Great Britain won a dramatic 4x100m relay at the world championships in London but Usain Bolts career ended in tragic fashion when he pulled up injured
The cheers have surely not been louder all world championships. But, dramatically and unexpectedly, this time they were not for Usain Bolt, who ended the final race of his career face down on the track and with his hamstring blown. Instead they rang loud and true for the young British athlete Nethaneel Mitchell-Blake, who held off the American Christian Coleman to take the home nations second gold medal of the championships in a dramatic mens 4x100m relay final.
It was a sensational performance that was reflected on the clock. The British teams time was 37.47 a national record and the fastest time in the world this year. The United States were second in 37.52, with Japan third in 38.04. Britain has not had the greatest of world championships but suddenly the crowd were off their feet, jumping and hugging and applauding.
But, inevitably, there was sorrow for Bolt too. The Jamaican team were in third place when the greatest sprinter and showman the sport has ever known took the baton. He is older, slower, and greyer now but he is still a man who can turn the ignition key to his own legs quicker than any other sprinter on the planet.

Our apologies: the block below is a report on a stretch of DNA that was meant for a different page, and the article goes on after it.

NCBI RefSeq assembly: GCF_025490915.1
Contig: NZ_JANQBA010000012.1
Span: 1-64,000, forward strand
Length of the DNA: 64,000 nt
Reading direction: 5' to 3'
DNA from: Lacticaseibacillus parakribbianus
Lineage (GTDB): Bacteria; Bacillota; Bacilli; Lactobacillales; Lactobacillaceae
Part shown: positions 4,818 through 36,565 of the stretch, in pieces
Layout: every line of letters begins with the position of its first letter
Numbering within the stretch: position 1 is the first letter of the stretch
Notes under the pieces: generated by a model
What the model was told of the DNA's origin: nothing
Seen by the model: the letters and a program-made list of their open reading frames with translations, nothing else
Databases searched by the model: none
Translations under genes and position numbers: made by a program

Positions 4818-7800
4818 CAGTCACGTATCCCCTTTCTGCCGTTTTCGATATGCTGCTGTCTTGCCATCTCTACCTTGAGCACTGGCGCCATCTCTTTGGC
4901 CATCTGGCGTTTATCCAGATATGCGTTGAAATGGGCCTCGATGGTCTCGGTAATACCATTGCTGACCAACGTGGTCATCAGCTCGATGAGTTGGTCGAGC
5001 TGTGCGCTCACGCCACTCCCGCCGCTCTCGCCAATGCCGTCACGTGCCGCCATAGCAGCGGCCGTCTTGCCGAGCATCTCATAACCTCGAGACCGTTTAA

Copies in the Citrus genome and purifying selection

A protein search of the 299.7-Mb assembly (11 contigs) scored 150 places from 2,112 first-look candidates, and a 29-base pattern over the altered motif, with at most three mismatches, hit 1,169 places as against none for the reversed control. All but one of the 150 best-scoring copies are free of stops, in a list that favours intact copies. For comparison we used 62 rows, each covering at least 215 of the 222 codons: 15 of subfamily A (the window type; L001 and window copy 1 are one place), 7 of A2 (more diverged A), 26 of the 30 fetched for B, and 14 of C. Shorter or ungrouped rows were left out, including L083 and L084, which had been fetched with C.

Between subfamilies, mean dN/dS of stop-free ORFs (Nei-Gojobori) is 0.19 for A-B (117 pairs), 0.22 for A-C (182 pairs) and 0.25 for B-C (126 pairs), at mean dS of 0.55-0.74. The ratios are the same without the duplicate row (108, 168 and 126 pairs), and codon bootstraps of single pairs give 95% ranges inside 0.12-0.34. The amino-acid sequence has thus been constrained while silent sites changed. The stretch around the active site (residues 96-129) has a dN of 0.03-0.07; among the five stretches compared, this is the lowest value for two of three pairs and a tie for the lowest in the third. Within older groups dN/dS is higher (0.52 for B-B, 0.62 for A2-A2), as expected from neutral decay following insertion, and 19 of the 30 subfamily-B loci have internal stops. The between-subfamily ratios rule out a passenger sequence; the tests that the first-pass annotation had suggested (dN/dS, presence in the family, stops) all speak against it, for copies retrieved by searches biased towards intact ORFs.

Understandably he was desperate to win yet another world title in his last race especially following the tragic death of his close friend Germaine Mason, the Olympic silver medal winning high jumper, in a road accident in April. But as he opened his stride and began to accelerate he suddenly began to hop before collapsing on the track in agony.
This has been a world championships where many of the sports biggest stars have been knocked off their perch. Bolt. Mo Farah. Kendra Harrison. Wayde van Niekerk. All have felt the jolting sting of a rare defeat. Yet no one expected this. The Jamaican mens 4x100m relay team knew they were one of sports great bankers, having not lost a global relay on the track since Osaka in 2007. Not this time.
Afterwards CJ Ujah, who made a sensational start and put Britain ahead out of the blocks said: I just wanted to run a good race and a night like this is fantastic.
Adam Gemili, who proved his fitness beyond doubt after being controversially left out of the 200m, called it the best feeling in the world.
Meanwhile Danny Talbot admitted a hidden truth: This is what we wanted to do. Everyone knew we wanted to win a medal but deep down we wanted gold.
Bolt, meanwhile, hobbled to the line, helped by his team-mates. This is not how he would have wanted it to end. It is over 15 years since athletics insiders started speaking in hushed awe about a young lank Jamaican who had won the 2002 world junior championships in 20.61sec. That time alone, set as a 15-year-old, would have beaten two of athletes in Thursdays 200m final.
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